What is Stress?
Though stress can come from outside sources (a demanding boss, a hurricane, freeway traffic, etc.) or internal sources (worry, perfectionism, disease, etc.), it affects our bodies physically and emotionally. When we experience stress, our bodies respond whether we want them to or not. This stress response is nature's way of keeping us alive. Called the fight or flight syndrome, it prepared our bodies to respond to danger. Either we tackled the source of the stress, usually a wild animal or an invading human, and fought it, or we ran away. If we prevailed over the wild beast or we ran away, we lived another day and our species survived. This fight or flight syndrome is also what is responsible for heroic and almost superhuman efforts in times of crisis, such as when someone lifts the front of an automobile off of an injured person after an accident.
The Brains ReactionThe first thing that happens when we are under stress is a part of our brain, the hypothalamic-pituitary-adrenal (HPA) system is activated. This recognizes the stress as danger and pumps out neurotransmitters such as dopamine, norepinephrine, and epinephrine (also known as adrenaline). These neurotransmitters stimulate the part of the brain called the amygdala that registers an emotional response, usually fear, but can be other emotions like anger. Then the hippocampus, another part of the brain, stores this emotion in long-term memory. That means that every time we see the stressor (the wild beast), we will react with the emotion that is stored there (fear) and whatever memories we have of how we reacted physically to the stress (fight or flight). These neurotransmitters also interfere with areas in the front of the brain that deal with concentration, inhibition, rational thought, and short-term memory. This makes us react on a more primitive level; we fight or run. We can't deal with complex intellectual responses to the stress; we just react.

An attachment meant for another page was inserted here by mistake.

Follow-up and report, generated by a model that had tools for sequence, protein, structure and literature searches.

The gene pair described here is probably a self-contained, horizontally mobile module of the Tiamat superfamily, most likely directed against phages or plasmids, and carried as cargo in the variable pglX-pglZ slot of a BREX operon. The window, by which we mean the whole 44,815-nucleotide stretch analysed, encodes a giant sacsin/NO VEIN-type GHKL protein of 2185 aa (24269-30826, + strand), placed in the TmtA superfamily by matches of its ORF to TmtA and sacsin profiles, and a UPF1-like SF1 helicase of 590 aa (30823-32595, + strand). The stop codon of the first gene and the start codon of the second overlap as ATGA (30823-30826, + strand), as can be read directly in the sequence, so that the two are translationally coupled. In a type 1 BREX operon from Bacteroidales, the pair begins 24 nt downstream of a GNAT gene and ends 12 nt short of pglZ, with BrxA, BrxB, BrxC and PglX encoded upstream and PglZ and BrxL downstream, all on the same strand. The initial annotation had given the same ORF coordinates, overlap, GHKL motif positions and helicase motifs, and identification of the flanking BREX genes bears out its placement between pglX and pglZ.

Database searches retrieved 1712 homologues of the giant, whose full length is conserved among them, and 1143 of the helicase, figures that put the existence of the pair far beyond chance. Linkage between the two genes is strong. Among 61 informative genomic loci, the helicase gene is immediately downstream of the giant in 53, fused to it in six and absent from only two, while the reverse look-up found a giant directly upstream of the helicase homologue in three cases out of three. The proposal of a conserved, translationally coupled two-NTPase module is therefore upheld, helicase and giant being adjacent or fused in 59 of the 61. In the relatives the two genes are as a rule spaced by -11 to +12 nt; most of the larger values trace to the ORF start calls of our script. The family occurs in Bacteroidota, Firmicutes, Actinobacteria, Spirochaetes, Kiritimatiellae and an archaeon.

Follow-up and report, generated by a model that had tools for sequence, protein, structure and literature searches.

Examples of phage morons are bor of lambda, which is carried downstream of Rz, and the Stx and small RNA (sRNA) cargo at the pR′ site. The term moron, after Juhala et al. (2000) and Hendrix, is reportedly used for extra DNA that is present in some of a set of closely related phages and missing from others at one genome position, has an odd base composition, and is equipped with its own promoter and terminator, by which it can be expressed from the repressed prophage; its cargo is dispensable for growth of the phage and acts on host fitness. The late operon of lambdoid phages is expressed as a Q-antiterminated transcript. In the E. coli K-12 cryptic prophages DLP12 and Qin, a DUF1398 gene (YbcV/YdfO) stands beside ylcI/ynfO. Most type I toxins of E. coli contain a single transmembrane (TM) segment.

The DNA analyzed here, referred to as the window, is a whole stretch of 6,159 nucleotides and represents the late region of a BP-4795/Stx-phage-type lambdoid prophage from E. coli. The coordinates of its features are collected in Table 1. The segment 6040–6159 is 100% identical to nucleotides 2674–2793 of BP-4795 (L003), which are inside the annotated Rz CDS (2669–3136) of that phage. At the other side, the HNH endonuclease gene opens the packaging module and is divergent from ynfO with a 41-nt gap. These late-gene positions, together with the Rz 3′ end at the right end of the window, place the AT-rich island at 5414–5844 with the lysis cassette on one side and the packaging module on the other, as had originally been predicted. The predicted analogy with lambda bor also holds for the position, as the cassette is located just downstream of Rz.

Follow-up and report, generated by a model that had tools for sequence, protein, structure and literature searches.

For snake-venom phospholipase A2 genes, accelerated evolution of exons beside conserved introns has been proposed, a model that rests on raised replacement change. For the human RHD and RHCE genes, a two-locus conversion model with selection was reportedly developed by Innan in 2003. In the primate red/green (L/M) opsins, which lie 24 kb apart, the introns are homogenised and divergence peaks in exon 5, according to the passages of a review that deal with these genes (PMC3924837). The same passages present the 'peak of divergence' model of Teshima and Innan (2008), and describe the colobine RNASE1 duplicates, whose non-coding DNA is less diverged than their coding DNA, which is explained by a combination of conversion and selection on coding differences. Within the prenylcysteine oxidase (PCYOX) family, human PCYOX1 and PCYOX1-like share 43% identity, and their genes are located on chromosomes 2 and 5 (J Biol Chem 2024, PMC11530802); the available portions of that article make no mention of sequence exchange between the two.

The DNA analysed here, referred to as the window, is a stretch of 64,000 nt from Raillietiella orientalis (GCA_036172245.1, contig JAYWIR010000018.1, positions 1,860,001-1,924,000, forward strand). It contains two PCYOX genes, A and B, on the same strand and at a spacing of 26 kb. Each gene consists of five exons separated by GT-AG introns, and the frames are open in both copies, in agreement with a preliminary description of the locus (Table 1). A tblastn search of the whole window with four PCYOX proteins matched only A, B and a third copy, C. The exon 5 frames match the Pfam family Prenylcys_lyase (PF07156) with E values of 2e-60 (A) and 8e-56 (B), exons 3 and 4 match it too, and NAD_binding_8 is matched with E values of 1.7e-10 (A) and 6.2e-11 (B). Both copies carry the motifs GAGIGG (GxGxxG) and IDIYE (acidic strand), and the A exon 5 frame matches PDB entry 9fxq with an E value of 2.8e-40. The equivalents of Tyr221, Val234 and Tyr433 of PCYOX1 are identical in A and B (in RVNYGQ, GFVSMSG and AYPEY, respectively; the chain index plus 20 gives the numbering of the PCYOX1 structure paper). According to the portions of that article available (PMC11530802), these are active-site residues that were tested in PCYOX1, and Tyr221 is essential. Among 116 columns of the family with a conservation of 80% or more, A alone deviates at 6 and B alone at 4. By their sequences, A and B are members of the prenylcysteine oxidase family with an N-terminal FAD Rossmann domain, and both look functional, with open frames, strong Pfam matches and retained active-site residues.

The Physical ReactionOnce the brain gets activated, other parts of the body come into play. We start to breathe rapidly and our hears beat faster. This brings blood and oxygen to our bodies, especially our limbs, so that we can get ready to fight the beast or run away. Our spleens also pump out more red and white blood cells, allowing our bloodstream to carry more oxygen. Cortisol, a corticosteroid hormone, is produced by the adrenal glands. It shuts down sections or our immune system and send white blood cells and immune molecules to places where we might be injured, such as our skin, lymph nodes, and bone marrow. Cortisol also raises our blood pressure and blood sugar levels.
We get a dry mouth as body fluids are drawn away from non-essential areas like the mouth. We may also have trouble swallowing as our throat muscles spasm.
Though white blood cells rush to our skin, red cells are marshaled to the heart and muscles. This is nature's way of protecting us from blood loss in case we get gored by the wild beast. However, we experience cold, clammy hands and our hair may even seem to stand up as the skin on our scalps tighten.
Finally, all non-essential body systems are shut down so that we can react to the stress. This means that digestion is stopped or severely slowed.
Normally, our bodies return to normal function once the danger is gone. This is known as the relaxation response. Since most of us won't encounter a wild beast or traumatic every day, this is usually a short-lived experience. However, we can experience a stress reaction from a variety of other sources, any of which may not be as surprising or intense as meeting a wild beast, but which can last for longer periods.